It is hard to say what type of investment in infrastructure is better; public or private investment. Both types bring significant benefits to the city and the people living there. I believe that the best investment strategy is to have a mix of both types of investment. The city can influence the local economy in a couple of ways and the largest of those is through infrastructure investment. New infrastructure can not only generate profit but it can also improve the quality of living and attract new residents. Without a strong economy, it is nearly impossible to have a good city, and without investment in infrastructure, it is hard to have a strong economy.
|An example of this principle at work: PPP Schools|
I have lived in the Lansing community for more than 3 years now. I would enjoy seeing it thrive socially and economically through urban planning. In this short essay I have stated two improvements on new or future developments in the Greater Lansing community. I believe the good city principle is community Involvement. Community involvement is imperative to having a “Good City”. It should be a reflection of them, meaning their cultures and ideas should be included. It helps the citizens feel apart of something greater. It also could is a reason for them to keep it up because they made it happen. Paired with community involvement, I believe the new Spartan Village development could benefit from adding some creativity by becoming a space for local art events. While placemaking would be a key combined with the influence of the people form the area to transform the Park district development.
|An example of this principle at work:|
East Lansing is home to a large variety of people that make up Michigan State University’s campus, but more importantly, the local community. It is a known fact that people crave a functioning sense of community. Within this community a new culture develops due to the influence of the unique cultures that are in the area. Culture is the collection of people with their many identities that have to live, work, and breathe in the same geographical region. However, in East Lansing the community is always evolving and always changing, these changes can cause the community to have mixed emotions of the culture in this city.
|An example of this principle at work: Bandhu Gardens|
Connection to Nature is an important theme that needs to be prevalent within in a good city. This is an important aspect for the community and the perception of the city. Cities already have a negative connotation to them; given all of the noise and pollution they create, along with the idea that the area was once green and filled with life and nature.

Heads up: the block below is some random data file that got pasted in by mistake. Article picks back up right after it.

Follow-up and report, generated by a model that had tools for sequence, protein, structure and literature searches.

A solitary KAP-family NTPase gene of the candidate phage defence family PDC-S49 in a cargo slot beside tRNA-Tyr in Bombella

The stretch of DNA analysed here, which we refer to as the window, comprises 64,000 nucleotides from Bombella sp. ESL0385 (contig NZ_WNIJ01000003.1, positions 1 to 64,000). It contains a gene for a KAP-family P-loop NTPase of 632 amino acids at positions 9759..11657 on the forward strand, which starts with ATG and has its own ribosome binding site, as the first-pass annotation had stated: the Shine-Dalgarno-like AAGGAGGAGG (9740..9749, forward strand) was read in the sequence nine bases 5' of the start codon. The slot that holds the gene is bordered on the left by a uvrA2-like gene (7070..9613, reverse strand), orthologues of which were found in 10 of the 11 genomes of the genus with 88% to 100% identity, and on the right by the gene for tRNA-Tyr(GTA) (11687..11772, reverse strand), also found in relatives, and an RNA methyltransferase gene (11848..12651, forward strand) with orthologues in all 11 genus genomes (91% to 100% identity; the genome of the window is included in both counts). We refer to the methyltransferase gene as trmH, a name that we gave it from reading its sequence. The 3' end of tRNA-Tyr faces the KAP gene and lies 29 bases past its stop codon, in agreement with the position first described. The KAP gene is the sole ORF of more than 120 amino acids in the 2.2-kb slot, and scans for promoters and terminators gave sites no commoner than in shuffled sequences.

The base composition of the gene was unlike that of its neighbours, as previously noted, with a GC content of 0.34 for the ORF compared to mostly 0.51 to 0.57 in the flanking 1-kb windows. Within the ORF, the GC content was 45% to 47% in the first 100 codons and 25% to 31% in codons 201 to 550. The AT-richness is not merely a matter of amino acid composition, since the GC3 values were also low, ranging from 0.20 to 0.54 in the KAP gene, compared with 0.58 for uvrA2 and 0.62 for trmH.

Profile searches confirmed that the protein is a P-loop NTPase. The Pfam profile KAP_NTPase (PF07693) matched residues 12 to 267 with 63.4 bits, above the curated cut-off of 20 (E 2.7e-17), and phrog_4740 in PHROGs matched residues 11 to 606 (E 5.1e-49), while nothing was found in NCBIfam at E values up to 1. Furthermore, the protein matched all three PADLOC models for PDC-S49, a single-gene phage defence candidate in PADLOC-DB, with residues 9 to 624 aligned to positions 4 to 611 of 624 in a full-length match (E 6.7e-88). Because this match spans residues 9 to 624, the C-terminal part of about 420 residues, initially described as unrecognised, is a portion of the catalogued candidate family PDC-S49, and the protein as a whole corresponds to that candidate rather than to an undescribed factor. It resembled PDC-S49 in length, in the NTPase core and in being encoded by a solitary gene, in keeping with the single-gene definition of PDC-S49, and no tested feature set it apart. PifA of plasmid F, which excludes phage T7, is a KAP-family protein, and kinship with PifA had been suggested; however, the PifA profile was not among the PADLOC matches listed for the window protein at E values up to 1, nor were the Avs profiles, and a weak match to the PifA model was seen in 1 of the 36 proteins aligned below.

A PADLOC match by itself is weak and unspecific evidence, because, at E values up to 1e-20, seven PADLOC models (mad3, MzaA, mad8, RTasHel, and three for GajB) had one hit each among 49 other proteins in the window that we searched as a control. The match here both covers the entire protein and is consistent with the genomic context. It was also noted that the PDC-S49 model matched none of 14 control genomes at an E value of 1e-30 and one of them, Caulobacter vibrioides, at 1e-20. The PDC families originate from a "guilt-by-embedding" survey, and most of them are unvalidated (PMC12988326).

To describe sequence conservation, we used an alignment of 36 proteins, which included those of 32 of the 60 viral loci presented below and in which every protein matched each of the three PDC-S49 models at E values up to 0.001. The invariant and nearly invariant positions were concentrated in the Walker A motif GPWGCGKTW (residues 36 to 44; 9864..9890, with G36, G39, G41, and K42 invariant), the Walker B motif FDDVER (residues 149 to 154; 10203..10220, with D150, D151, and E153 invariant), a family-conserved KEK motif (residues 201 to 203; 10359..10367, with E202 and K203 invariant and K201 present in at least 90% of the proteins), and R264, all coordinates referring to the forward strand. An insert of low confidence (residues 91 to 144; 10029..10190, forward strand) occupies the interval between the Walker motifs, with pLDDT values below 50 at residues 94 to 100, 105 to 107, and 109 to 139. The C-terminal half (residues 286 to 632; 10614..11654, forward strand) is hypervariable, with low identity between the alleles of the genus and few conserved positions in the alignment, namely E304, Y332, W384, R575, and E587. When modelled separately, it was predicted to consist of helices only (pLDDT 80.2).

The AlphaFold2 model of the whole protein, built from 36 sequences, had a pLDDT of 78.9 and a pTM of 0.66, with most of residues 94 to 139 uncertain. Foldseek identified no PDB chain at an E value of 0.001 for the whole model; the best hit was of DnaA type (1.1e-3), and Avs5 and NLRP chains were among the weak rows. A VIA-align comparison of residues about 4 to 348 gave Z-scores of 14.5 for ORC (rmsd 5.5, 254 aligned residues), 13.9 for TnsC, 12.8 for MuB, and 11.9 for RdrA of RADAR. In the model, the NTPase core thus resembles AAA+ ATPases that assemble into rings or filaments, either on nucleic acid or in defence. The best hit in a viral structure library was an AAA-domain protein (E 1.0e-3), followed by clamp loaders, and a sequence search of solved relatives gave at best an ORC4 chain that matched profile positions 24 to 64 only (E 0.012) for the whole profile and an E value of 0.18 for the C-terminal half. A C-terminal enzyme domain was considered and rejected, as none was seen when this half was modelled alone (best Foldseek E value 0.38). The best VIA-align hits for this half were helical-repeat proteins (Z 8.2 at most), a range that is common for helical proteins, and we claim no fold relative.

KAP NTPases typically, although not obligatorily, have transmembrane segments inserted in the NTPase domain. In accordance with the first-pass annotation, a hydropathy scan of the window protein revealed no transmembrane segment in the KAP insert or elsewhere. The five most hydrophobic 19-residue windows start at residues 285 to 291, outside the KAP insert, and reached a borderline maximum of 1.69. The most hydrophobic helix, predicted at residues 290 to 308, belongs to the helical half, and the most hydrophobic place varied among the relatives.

In East Lansing, we have the beauty of the Red Cedar River and the surrounding ecological environment that is made possible through the vast amount of trees that grow beside it. I view East Lansing and Michigan State’s usage of the environmental gift they have been afforded, and note they way they have designed their campus in a way that integrates people in the community to pass directly through the natural resources present in the city. Students have the luxury of attending class in a setting that in whichever direction they look, they view a characteristic that highlights a natural connection. Furthermore, Michigan State has made more improvements to this aspect with the addition of bicycle paths alongside the river, and benches in quiet areas surrounded by trees, squirrels, and the River.
Extensive research can be found that demonstrates the positive influence on health and well being that nature can create. Having a good balance of getting enough contact with nature has shown increased levels of concentration, overall reduced stress levels, and a positive correlation in the prevention of diseases and disorders, whether being physical or mental. This aspect is critical for healthy and sustainable communities, for within cities a natural area helps to restore the necessary biodiversity that we humans, from a biological perspective, require to live healthy efficient lives. Though many of us have transformed into urbanized city-dwellers, the connection to nature that was vital to our survival in primitive times still belongs within us, and in a good city, it can be found.
Good cities are ones that have a powerful connection to nature. They include plentiful parks for people to play, engage, and interact. The streets are lined with trees, flowers, plants, and with that comes the plethora of animals and critters that are made possible through these additions. The area creates a habitat for creatures that were once pushed out by human development, to return and coexist harmoniously amongst us.
My best personal experience with a city that boasts an excellent connection to nature came from my visit to Rio de Janeiro. A city literally built within a jungle landscape, bordered by the ocean and in possession of unlimited natural resources, was also at one point close to losing its connection with nature. Its population too consumed with multiple aspects of human life that distracted them from the destruction they were causing to their home. Rio is a great city. It has mountains with beautiful forests, amazing exotic wildlife, and some of the most spectacular beaches in the world. Only through community involvement and a bit of government intervention, they were able to preserve this.
|An example of this principle at work: Putting Nature Back in the Natural Beauty of Rio de Janeiro|